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California state controller finds Berkeley police among city’s top paid public officials

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Berkeley police relies on overtime and backfilling to compensate for officer vacancies, and the city has allocated funding to analyze police staffing levels.


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AUGUST 15, 2023

In 2022, seven of the ten highest paid public officials in the city of Berkeley were members of the police department, according to data from the California state controller’s Government Compensation in California database.

The data reveals that Berkeley’s ten highest paid public officials received over $300,000 in 2022. The highest paid were the police lieutenant and police sergeant, both receiving over $400,000.

“BPD exceeded its General Fund budget four out of the last five years. In FY 2020, BPD surpassed its $71.0 million allocation by $4.8 million,” reads an audit from March 2022.

The department’s salaries remain this high despite this audit, which recommended the department make significant changes to manage overtime salaries for officers in attempts to stay within its budget.

For instance, the highest paid public official, the police lieutenant, made $220,867 in overtime pay in fiscal year 2022, making up more than half of their total salary.

“Some overtime is required for various reasons. It is often more cost-effective than hiring staff and allows employees to meet fluctuating workloads,” reads the audit. “However, overreliance on overtime can increase fatigue and burnout, decrease productivity, and increase mistakes.”

The approved sworn staffing level for the city is 181 officers; however, BPD only has 149 officers currently staffed, according to BPD public information officer Jessica Perry.

Like many police departments across the country, BPD has had difficulty filling officer vacancies. With insufficient sworn staffing levels in recent years, the department has relied on overtime and backfilling to meet these levels, the audit notes.

The audit, which ranged from fiscal year 2019 to 2020, revealed that in 2020, 75% of BPD overtime pay — nearly $5 million — went to sworn officers.

“BPD does not adhere to their overtime controls. In FY 2020, 21 percent of sworn officers exceeded BPD’s overtime limit at least once. Without adequate enforcement and tools to manage overtime, BPD cannot mitigate risks of officer fatigue,” the audit reads.

Jenny Wong, the Berkeley city auditor, explained that hiring another officer is costly due to the fringe benefits associated with new hires; however, she noted that the amount of overtime BPD officers currently accumulate is unsustainable.

The audit made recommendations for BPD suggesting they publicly document minimum staffing levels and form procedures to assess if the level is effective in meeting BPD’s many functions.

“Our analysis said they should figure out how to assess those staffing needs periodically. It needs to be done in a way that is agile because needs can shift over time depending on the situation and the number of calls that need a police response,” Wong said.

City spokesperson Matthai Chakko said in an email that the sworn staffing levels are determined based on “what’s needed to keep the community safe.” Chakko noted that he could not speak on the city council’s views regarding staffing and budgeting.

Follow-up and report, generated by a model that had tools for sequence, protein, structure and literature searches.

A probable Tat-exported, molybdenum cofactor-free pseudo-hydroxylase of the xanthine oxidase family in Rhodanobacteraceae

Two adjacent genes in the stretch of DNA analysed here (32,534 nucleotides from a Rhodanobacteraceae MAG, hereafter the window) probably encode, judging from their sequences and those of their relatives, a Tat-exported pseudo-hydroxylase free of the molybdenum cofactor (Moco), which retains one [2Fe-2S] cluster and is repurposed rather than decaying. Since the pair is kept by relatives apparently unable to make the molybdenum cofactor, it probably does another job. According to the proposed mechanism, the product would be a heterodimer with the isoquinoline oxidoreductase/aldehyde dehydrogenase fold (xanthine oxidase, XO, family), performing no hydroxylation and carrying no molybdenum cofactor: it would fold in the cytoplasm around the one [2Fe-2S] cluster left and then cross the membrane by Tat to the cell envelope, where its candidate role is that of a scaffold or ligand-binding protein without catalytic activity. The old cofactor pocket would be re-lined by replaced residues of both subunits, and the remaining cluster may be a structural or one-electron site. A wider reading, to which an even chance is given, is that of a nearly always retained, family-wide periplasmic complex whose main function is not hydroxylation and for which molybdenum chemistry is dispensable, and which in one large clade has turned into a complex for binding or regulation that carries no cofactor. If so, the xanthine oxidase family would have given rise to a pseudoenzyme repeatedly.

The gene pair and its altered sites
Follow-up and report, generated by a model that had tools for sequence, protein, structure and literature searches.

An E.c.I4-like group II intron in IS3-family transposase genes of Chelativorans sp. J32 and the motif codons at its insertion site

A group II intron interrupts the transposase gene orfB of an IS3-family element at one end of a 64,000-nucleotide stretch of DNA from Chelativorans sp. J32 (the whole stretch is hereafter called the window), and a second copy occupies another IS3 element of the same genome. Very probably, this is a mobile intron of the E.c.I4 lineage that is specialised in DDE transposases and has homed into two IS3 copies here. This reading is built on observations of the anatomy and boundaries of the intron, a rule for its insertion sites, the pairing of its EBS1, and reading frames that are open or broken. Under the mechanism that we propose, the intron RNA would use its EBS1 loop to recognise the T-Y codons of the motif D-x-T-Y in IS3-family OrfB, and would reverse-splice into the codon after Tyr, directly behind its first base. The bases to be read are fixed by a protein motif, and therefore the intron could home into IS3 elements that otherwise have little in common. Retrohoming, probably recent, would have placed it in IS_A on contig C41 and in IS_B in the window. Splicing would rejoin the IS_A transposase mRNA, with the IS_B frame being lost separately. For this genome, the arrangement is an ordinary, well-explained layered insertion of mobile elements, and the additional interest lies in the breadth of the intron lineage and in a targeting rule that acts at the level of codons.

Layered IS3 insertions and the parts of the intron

According to data from Police Scorecard, a database that evaluates police department data from over 13,000 departments nationwide, BPD receives more police funding per capita than 92% of departments and has more officers per population than 34% of departments across the country.

Some, such as Berkeley Copwatch member Elana Auerbach, consider Berkeley to be “heavily policed” due to these statistics and have requested an updated analysis of the sworn staffing level.

“The community and Berkeley Copwatch for years, at least for the past three years, have been asking for an analysis asking based on what are these 181 officers (coming from),” Auerbach said.

Auerbach hopes to see this sworn staffing level reduced, as she feels the funds could be used more beneficially in crime prevention programs, considering that concerns about public safety are a high priority.

Others, such as city Councilmember Mark Humbert, feel differently.

“Reducing overtime by eliminating positions is not something I support because it would mean fewer officers on Berkeley streets at any given time,” Humbert said in an email. Reducing total officer-hours is something we must avoid unless and until we have achieved meaningful improvements in Berkeley’s public safety.”

The current BPD staffing levels are informed by a 2014 study by the Matrix Consulting Group, which considered town hall meetings, population, geography, officer workload, calls for service, response times and industry standards to determine the current staffing level, according to the audit.

However, the city council approved a $70,000 allocation to analyze staffing levels and alternative approaches, according to an email from director of police accountability Hansel Aguilar. Aguilar noted that the city selected a proposal by CityGate, a public service consulting agency, to conduct a study analyzing BPD’s sworn staffing levels to see if they adequately meet community needs.

“In conclusion, the City of Berkeley has taken substantial strides to holistically assess police staffing and explore innovative approaches to resource allocation. The efforts, including funding allocation, engagement of the City Auditor’s recommendations, and the selection of Citygate’s proposal, collectively demonstrate the city’s commitment to effective and community-responsive public safety strategies,” Aguilar said in the email.

Contact Natasha Kaye at 


AUGUST 15, 2023